Does my dog have the same emotions as I do?
Does my dog have the same emotions as I do? This is a very difficult question. Scientists have been doing studies in an attempt to prove that dogs have similar emotions to humans ( Friederike Range University Of Vienna and Paul Morris of University Of Portsmouth) while others claim the studies are tainted with the style of testing (Sharon Maguire Dog Breed Info Center; Barnard Collage did research and had no definitive answer “The jury is still out”). The difficult part of proving that they have the same emotions is the animal’s instincts.
When humans put their emotions on their pets it is called Anthropomorphism (ascribing human characteristics to nonhuman things). As humans we want to believe our loving pets are showing or feeling the same emotions we do it comforts us to believe we share the same feelings. In reality they are not, at least not in the same way as we do. They have emotions just not as complex as ours. It’s the more complex part of the emotion where we differ, as humans we listen to our emotions but we also have our logical side that can reason with our emotions. A dog have their instincts and has yet to be proven that dogs reason with their emotions, For example, often times I hear my clients say that their dog hates when they give attention to another dog or their dog is jealous of another dog when it comes to attention. This serves as an excellent example that shows that in reality it’s not jealousy the dog is feeling; instead it is the dog’s instincts that drive the behavior. The dog maybe guarding you or claiming you as their territory, the dominant dog stands on or in front of the person they are guarding or push another dog away thus claiming its territory. Dogs can sense our energy and In order to fully understand the difference we must understand that dogs live in a pack; a pack is a social group and all social groups – Human and Mammal- have a hierarchy in which they exhibit leadership as well as set the rules for the system or the pack. Considering the above mentioned it is easy to understand that when a dog joins a human household, those humans become their pack. If the humans are not the leaders then energy is perceived as unstable or weak and the dogs take it amongst themselves to lead the pack. Dogs have the ability to feel our emotions through energy that radiates off our bodies; however we believe they cannot understand the meaning of that energy. Based on such findings dogs don’t hate other dogs or experience jealousy over other dogs, instead they have determined that they lead the pack and therefore their human belongs to them and other dogs are simply not accepted. Another great example would be if we as humans are upset over personal issues and our dogs even though pick up on the energy changes they do not understand what our problems are, instead they act accordingly to the weak energy they feel.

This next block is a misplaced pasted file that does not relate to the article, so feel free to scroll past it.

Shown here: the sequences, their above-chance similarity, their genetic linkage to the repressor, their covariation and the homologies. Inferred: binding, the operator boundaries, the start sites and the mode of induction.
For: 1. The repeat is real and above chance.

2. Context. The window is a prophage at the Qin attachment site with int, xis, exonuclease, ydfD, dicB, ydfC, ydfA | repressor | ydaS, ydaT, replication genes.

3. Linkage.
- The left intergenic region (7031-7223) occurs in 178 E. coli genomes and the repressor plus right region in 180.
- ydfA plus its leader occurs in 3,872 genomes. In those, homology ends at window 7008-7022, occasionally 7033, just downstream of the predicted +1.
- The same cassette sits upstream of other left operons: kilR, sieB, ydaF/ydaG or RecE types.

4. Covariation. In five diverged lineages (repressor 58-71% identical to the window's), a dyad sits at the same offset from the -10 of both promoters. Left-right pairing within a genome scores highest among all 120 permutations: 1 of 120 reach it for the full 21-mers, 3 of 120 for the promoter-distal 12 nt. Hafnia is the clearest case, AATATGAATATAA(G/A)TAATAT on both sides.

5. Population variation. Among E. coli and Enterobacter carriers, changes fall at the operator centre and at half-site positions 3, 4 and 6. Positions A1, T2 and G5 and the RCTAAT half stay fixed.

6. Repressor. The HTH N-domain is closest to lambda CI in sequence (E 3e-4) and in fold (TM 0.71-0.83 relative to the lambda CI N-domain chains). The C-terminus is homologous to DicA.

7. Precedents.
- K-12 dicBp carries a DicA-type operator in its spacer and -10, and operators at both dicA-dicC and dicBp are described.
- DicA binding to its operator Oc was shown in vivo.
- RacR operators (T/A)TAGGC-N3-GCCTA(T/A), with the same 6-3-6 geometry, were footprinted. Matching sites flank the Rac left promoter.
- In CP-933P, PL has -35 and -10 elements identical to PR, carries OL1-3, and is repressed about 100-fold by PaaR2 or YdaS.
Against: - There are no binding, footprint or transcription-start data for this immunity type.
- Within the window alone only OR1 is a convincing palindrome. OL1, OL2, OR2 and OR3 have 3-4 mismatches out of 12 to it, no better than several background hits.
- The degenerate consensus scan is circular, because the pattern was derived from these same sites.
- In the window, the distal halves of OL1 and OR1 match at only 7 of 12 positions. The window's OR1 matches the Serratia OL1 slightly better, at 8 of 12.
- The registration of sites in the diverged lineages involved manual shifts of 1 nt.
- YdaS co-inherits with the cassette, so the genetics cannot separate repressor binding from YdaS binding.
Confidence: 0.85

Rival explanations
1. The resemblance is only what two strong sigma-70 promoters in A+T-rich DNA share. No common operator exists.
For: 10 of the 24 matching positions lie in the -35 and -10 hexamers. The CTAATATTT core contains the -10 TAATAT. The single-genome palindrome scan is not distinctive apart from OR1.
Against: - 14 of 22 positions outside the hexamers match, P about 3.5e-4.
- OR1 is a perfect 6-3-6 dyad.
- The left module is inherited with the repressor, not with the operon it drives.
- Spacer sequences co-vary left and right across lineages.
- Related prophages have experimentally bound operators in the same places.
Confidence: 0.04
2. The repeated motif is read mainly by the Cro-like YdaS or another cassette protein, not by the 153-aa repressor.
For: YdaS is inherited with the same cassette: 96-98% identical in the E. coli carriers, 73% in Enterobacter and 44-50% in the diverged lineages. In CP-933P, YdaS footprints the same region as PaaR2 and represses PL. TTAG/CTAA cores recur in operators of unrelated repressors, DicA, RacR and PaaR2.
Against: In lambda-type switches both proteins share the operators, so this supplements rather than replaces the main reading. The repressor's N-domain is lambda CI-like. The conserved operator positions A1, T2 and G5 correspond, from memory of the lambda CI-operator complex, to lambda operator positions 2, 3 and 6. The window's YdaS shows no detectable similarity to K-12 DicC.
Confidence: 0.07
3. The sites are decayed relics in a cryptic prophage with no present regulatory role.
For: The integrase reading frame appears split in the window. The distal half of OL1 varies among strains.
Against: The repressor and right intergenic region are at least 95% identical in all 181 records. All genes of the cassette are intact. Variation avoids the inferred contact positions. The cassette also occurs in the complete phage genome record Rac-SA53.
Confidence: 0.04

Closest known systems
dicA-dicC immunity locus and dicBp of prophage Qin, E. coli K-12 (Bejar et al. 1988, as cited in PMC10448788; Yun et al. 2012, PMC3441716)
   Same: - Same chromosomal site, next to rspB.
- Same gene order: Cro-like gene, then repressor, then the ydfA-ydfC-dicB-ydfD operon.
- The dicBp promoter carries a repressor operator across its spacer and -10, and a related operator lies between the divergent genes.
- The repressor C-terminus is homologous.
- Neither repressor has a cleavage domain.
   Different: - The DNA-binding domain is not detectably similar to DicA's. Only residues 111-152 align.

At this time we have not proven that dogs have the same emotions as we and in my 28 years of experience, I have not witnessed an example that instinct behavior cannot explain. Throughout my career, I have personally seen when humans put their emotions on their dogs we inadvertently are rewarding. By rewarding or ignoring bad behavior; we not intentionally teach the dog that guarding or fighting off other dogs is acceptable. It is an important responsibility taking on another life and it is up to us to understand our furry pack member’s way of thinking and fulfill their needs.
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